Monday, May 11, 2020

Head Down, Stay Down




I love hockey. I love the speed, excitement, fun and brilliance of the game.

I love the Canadiens and all their storied history and hopeful future. But right now, I don't want hockey back.

I don't want a weird empty-seat arena with no involvement from fans, or a staged, odd Stanley Cup playoff featuring quarantined players cobbled together by league officials to keep the money coming in.

It's not worth it. South Korea, generally recognized as the best example of effectively suppressing COVID-19 in the world, decided to gently rescind some of its isolation restrictions, and yesterday reported 85 new cases in Seoul. In North America, where meat-packing plants and seniors' homes are incubators for the virus, there's no way to avoid an escalation of disease and death by returning to business as usual anytime soon.

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I am not a good flyer, so several years ago, while watching "Sully," I was petrified by the flight attendants shouting for passengers to "Brace, brace, brace! Head down, stay down" as the plane plunged toward the Hudson River below.

That's kind of the way it feels about wishing pro sports back right now. We're not safe from this virus. We're not even aware of everything it can do to the human body. Right now, we've hit a flock of diseased geese and we're plunging toward the river as health officials warn us to brace for impact.

In that environment, players who have no alternative than to be within close proximity to each other while sneezing, spitting and otherwise sharing droplets, would be at serious risk of passing the virus around. Even if they stayed in hotels to avoid infecting their families, nobody really knows the long-term effects on high-level athletes. Early research says it can damage the circulatory system and narrow the arteries. And we know it can open the immune system to other infections. There's also early evidence of long-term loss of lung capacity that could take years to repair.

For young men whose livelihoods depend on good health and superior physical ability, returning to play now seems like a dangerous and unnecessary risk to take.

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We know players want to play. Even the Canadiens, who had zero chance of making the playoffs this year, refused to lie down and give up. But you know what? Nobody's getting what they want as this pandemic continues.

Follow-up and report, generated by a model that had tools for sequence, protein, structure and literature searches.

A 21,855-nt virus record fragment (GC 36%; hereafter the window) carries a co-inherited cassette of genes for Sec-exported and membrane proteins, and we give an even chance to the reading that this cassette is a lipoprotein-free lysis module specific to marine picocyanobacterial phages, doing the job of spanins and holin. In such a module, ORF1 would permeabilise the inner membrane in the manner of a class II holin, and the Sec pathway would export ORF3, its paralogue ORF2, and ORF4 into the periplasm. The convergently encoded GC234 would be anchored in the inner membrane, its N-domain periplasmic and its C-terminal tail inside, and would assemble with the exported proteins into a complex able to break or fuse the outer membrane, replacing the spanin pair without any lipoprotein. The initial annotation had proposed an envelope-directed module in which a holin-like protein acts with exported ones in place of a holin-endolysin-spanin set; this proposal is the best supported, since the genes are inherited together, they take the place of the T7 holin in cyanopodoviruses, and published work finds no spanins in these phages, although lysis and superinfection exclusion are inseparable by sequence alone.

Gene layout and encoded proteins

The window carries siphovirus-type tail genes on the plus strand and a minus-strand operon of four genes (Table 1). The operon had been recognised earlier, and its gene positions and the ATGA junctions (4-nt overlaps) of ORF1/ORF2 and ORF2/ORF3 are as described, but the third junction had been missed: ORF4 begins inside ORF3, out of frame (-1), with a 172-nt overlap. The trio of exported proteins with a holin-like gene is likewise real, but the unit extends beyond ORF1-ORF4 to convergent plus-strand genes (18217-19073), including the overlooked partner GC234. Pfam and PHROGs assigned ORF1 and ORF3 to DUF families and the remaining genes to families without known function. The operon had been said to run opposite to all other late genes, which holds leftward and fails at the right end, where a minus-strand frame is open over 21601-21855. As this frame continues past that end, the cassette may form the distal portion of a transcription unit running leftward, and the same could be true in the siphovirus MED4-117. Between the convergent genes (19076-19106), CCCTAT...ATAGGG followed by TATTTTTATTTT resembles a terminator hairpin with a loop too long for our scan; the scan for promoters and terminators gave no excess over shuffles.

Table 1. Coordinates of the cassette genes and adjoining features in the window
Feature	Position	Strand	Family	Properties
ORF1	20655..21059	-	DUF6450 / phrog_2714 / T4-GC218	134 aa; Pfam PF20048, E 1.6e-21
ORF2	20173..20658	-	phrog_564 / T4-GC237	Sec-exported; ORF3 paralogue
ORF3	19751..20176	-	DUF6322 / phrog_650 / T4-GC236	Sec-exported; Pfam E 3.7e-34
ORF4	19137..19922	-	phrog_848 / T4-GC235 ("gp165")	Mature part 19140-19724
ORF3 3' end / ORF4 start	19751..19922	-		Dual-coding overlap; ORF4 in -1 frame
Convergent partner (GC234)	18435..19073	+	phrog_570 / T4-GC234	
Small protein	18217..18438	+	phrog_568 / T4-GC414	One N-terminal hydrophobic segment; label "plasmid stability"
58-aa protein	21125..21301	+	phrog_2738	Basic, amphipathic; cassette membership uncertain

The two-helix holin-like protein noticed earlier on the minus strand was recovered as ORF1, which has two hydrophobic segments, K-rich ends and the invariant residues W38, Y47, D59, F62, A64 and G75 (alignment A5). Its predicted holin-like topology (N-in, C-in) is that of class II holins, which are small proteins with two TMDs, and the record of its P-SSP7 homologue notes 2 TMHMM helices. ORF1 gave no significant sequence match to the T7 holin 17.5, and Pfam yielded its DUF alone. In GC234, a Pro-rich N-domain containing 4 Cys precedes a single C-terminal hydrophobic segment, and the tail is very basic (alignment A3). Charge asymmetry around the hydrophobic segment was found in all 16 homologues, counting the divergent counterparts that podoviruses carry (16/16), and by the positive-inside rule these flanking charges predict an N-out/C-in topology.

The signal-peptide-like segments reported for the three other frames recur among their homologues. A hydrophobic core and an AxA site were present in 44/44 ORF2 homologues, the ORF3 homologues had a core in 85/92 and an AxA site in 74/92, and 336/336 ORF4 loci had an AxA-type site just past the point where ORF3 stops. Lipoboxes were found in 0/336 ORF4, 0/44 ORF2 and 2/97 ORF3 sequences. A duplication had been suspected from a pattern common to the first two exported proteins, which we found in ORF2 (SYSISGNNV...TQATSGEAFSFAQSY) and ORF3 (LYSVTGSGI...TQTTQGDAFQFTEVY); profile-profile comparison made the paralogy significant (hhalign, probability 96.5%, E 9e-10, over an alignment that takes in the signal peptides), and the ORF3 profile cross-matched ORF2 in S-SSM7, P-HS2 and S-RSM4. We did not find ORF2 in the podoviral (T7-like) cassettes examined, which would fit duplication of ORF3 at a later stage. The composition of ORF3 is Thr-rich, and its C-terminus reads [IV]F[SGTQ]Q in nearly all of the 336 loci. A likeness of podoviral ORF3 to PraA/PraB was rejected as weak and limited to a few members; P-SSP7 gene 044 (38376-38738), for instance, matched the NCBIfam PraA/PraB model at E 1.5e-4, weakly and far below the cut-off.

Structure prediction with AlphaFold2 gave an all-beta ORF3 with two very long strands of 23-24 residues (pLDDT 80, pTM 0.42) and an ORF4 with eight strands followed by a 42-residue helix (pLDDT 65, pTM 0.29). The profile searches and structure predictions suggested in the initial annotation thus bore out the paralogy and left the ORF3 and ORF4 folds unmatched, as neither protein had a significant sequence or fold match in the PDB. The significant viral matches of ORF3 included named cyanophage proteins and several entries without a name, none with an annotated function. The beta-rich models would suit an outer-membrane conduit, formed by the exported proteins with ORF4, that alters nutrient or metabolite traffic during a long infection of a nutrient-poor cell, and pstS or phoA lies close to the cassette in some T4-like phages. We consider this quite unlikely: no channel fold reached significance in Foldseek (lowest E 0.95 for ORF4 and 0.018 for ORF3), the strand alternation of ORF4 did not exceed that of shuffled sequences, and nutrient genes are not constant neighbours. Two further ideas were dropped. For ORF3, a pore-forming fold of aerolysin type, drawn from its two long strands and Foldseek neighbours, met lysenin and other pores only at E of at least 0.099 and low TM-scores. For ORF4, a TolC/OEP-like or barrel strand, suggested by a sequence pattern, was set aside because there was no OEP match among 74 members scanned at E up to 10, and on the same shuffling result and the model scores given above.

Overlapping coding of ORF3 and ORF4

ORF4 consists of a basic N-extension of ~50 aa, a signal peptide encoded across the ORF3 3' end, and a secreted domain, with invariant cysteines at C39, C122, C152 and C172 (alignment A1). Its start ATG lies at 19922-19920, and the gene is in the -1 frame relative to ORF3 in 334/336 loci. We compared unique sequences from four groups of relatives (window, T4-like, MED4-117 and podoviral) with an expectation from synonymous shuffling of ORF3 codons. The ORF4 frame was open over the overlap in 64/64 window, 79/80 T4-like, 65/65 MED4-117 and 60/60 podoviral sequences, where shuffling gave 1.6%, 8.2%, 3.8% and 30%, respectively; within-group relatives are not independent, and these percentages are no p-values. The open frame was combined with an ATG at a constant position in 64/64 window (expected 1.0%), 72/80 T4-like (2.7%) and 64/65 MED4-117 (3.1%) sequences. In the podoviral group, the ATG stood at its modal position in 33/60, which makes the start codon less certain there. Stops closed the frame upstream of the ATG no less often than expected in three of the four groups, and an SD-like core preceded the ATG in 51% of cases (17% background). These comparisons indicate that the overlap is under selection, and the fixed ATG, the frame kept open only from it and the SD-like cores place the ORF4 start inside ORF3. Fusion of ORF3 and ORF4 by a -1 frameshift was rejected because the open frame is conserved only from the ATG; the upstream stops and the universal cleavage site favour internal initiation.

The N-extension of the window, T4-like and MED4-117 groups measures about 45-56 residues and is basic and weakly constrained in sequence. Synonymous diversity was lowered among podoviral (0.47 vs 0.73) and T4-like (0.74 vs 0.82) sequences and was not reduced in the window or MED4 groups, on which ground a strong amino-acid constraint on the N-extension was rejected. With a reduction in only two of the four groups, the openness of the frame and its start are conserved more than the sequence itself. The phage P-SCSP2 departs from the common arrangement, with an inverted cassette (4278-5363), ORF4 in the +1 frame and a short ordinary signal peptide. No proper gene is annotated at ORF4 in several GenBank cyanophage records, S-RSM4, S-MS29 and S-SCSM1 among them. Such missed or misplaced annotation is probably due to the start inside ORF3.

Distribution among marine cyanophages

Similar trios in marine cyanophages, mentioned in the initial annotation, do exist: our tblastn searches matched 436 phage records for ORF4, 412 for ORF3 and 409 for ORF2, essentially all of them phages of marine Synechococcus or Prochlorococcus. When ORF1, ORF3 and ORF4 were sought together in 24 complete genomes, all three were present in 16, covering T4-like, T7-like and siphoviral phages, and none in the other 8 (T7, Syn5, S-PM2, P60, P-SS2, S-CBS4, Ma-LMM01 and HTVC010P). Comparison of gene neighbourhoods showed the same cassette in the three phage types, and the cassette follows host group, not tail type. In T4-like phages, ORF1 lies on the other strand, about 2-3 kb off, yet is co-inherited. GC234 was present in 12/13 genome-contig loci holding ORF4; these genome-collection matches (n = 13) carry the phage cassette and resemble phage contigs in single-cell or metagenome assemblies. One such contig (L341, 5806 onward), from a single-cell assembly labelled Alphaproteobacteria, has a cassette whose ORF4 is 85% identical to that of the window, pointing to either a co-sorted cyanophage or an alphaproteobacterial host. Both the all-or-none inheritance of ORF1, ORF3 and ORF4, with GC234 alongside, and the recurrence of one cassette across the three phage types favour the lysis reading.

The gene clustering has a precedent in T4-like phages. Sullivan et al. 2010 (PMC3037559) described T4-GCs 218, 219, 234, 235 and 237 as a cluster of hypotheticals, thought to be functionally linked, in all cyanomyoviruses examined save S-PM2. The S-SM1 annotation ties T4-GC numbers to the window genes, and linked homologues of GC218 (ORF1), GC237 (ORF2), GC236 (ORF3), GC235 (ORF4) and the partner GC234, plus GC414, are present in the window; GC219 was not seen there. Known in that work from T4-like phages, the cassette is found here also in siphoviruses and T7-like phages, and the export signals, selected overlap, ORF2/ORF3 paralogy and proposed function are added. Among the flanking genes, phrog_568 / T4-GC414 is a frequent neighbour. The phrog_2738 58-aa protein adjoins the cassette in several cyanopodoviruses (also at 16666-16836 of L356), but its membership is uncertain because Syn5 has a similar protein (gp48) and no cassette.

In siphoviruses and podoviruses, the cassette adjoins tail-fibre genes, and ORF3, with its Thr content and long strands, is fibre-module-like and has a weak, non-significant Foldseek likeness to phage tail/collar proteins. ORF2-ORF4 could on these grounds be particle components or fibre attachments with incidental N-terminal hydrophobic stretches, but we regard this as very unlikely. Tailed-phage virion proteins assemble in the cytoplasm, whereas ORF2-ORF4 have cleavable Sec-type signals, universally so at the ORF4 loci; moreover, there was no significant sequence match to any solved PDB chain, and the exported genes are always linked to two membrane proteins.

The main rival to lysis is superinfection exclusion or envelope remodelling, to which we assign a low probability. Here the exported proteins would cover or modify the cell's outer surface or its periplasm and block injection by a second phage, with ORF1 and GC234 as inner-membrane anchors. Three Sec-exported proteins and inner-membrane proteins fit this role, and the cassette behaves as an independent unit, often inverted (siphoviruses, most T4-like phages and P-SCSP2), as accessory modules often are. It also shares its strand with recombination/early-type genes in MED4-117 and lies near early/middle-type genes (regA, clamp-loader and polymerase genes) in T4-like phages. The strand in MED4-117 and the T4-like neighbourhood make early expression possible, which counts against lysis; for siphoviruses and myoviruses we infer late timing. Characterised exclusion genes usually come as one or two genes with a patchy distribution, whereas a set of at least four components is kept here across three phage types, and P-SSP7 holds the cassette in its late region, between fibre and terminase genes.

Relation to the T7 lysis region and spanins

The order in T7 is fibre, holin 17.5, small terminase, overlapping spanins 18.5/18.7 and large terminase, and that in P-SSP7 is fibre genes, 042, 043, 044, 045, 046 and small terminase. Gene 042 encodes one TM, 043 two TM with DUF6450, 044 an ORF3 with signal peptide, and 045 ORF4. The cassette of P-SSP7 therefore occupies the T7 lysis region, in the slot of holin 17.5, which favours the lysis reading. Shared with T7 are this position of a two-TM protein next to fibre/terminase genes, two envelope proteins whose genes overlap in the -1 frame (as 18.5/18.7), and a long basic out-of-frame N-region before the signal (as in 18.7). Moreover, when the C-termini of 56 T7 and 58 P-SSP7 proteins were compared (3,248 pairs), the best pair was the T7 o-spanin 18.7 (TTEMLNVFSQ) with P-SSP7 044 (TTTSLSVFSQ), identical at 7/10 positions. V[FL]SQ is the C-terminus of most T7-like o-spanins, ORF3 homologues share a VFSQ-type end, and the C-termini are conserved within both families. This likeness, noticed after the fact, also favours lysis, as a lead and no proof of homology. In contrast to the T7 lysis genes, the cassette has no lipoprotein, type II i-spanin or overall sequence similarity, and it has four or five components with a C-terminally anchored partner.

Our kids don't get to graduate from high school or have a prom like everyone else had. Our mothers didn't get to see their grandchildren on Mother's Day. Those of us who are working from home feel isolated and disconnected from our co-workers and the energy we share when we work together. Birthday parties, funerals, weddings, holidays, anniversaries, church services...everything that we do to mark the passing of milestones and the ceremony we need to acknowledge our life-changing moments are not happening. And no, Zoom is not the same.

So, in light of the unknown and serious consequences of contracting this virus, in an environment when everything else in life has changed, upset over missing a few pro hockey games seems a bit frivolous.

I want to see Nick Suzuki develop into the dynamo he'll be in a year or so. I'd love to watch Brendan Gallagher drive the net with that big shit-eating grin. But I want them and their teammates and all the athletes for whom we love to cheer to stay alive. I want them to be healthy and not risk damaging their hearts and lungs because the NHL decided it's okay to finish the season this year.

It's not okay. It's scary and dangerous and although the league has in the past ignored evidence proving brain injury is a serious problem in the game, it has a chance now to protect the players it employs.

They have kids and parents and a life outside hockey, so for all their sakes, I hope they put their heads down and keep them down until this thing lands safely on the other side.

Anyway, it's much more fun watching the Habs win the Cup in re-runs than it is to watch them play a dozen meaningless games over the rest of this season while putting their very lives at risk. Sometimes it's better when you know the movie has a happy ending.

Tuesday, January 28, 2020

Deal or No Deal?




The Canadiens are going to make the playoffs.

I don't believe that, but the players think they have a chance if they play their hearts out and get a bit of luck along the way. The important thing is, the veterans are holding to that belief.